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Advertising Opinion South Africa

[Orchids & Onions] Kiss of death ad may be wake-up call drivers need

There has already been a lot of debate in the Twitterverse and elsewhere in cyberspace about this ad, with some saying it is stunningly effective while critics accuse it of being too shocking.

Flighted around the time of the Easter weekend, when South Africans follow their usual holiday habit of slaughtering each other on the roads, it focused on conveying the message that the wearing of seat belts is critical – for everyone in a vehicle.

The ad opens at a party with the focus on two young people who meet – not quite so much across the crowded room but next to each other on a sofa – and, clearly, fall instantly in love. As they gravitate towards one another, it is clear that the first kiss is about to happen. Each time they close in, though, someone interrupts them and they never quite get to kiss. Then they jump into a car to go home. There are four people in the vehicle and three out of the four (except the love-struck young man in the back) buckle up. Suddenly, the scene of laughing happy youngsters is shattered with a bang of shredding metal and exploding glass.

All of this is conveyed in detailed slow motion. We see blood and fragments of car all over the place as well as flying bodies. The young man who was not strapped in is flung ferociously into the front of the car and cannons back into the back seat. There we see him finally meeting the lips of his beloved as he smashes into her. And kills her. As a cop at the accident scene says on his radio: The person not strapped in has killed everyone else in the impact. The punchline is “an unbuckled passenger can kill” and “No seat belt, no excuse”.

It definitely is shocking. But after the shock comes the clear message. I reckon that most thinking people who see this ad will not drive off in a car until everyone is buckled up. I have been doing that for more than 25 years – since before the wearing of rear seat belts became mandatory – and my kids grew up with seat belt-wearing as second nature. Scores of kids never got to their ages because they weren’t buckled up.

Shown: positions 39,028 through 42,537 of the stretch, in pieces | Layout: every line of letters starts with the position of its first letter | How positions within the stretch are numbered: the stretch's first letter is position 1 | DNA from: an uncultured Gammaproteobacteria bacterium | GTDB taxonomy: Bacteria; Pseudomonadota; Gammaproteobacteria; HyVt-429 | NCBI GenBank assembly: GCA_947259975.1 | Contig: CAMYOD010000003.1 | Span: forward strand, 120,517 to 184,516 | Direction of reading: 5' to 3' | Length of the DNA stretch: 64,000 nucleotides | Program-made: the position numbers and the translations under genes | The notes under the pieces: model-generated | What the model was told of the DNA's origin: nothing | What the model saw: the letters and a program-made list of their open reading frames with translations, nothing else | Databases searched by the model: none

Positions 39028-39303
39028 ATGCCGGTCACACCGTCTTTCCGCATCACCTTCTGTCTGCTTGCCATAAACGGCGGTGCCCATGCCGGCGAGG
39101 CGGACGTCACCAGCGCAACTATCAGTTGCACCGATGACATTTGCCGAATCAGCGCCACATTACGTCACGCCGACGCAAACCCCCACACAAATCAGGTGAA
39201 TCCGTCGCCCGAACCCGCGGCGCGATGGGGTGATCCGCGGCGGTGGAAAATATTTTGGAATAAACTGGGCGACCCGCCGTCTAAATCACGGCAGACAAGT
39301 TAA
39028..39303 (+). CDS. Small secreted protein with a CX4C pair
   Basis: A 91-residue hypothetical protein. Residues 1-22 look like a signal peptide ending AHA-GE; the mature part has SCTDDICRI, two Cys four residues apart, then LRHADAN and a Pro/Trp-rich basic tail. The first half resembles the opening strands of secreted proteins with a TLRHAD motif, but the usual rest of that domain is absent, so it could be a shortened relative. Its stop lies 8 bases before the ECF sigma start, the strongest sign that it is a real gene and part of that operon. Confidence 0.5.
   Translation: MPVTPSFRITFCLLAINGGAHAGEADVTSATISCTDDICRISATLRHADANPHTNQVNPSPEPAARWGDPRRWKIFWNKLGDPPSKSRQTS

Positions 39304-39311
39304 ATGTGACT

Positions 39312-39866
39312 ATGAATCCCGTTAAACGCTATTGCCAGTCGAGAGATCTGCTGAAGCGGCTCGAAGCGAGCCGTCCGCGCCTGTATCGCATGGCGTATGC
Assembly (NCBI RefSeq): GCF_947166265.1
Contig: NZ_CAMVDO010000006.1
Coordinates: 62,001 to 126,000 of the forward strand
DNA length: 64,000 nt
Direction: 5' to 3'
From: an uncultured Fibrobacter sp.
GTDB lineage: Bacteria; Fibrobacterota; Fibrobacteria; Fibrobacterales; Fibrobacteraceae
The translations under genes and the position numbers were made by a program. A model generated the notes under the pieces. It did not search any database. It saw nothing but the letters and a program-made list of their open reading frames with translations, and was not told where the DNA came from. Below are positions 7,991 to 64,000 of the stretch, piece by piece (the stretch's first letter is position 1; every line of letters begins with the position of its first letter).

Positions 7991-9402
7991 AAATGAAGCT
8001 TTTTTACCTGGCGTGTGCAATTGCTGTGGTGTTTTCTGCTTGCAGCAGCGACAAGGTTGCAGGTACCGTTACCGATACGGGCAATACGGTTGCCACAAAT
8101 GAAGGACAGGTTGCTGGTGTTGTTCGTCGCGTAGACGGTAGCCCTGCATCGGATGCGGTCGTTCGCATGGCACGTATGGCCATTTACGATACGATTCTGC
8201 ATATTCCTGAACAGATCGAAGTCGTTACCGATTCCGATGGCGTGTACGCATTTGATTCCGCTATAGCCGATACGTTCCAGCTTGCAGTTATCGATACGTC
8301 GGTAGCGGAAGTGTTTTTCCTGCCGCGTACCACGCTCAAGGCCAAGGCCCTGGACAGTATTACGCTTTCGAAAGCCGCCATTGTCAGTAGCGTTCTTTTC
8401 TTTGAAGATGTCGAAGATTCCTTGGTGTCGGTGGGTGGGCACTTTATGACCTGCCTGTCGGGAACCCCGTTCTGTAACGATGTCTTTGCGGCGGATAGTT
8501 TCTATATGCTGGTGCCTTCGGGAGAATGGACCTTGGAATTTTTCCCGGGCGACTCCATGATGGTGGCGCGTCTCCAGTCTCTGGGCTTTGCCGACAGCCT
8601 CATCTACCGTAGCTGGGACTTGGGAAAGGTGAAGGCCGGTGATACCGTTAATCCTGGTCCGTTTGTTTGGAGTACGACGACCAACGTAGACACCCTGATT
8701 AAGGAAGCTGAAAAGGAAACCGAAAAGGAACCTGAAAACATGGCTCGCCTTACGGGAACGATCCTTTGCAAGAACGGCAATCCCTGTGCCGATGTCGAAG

The question remains: Is the ad too shocking? I don’t think so. South Africans are still shockingly cavalier when it comes to their own safety and that of others when they get into vehicles. Will it make a difference? I think it probably already has… and if this ad saves at least one life, then it is worth an Orchid.

Orchids all round: to the Western Cape government, for having the guts to go with the concept; to Y&R Cape Town who put together the Safely Home campaign and to Egg Films’ Jason Fialkov for a finely crafted, disturbing and gut-punching piece of cinema.

Screengrab from the ad
Screengrab from the ad

Cell C has been running a radio ad to show its data services are much better than those of other mobile networks. As proof, the ad offers a “test” of data speeds which show Cell C’s upload and download speeds are quicker than its rivals.

What’s the problem with that? Well, according to the ad, the test was carried out in peak-hour traffic on the M1 highway. While this may prove that Cell C’s data is good in a mobile application, it carries the danger, I believe, of accepting that downloading and driving are acceptable behaviour.

If this is only intended for passengers, then the ad should say so. But given that most of the cars on that highway are single-occupant vehicles, this is clearly aimed at tempting drivers who want to use the internet while driving. Using cell phones or texting while driving are almost as dangerous as driving under the influence of booze or drugs. That’s reckless, Cell C. So you get a fast-download Onion.

*Note that Bizcommunity staff and management do not necessarily share the views of its contributors - the opinions and statements expressed herein are solely those of the author.*

PS: Last week’s Orchid for FNB didn’t mention the agency – FoxP2.

About Brendan Seery

Brendan Seery has been in the news business for most of his life, covering coups, wars, famines - and some funny stories - across Africa. Brendan Seery's Orchids and Onions column ran each week in the Saturday Star in Johannesburg and the Weekend Argus in Cape Town.
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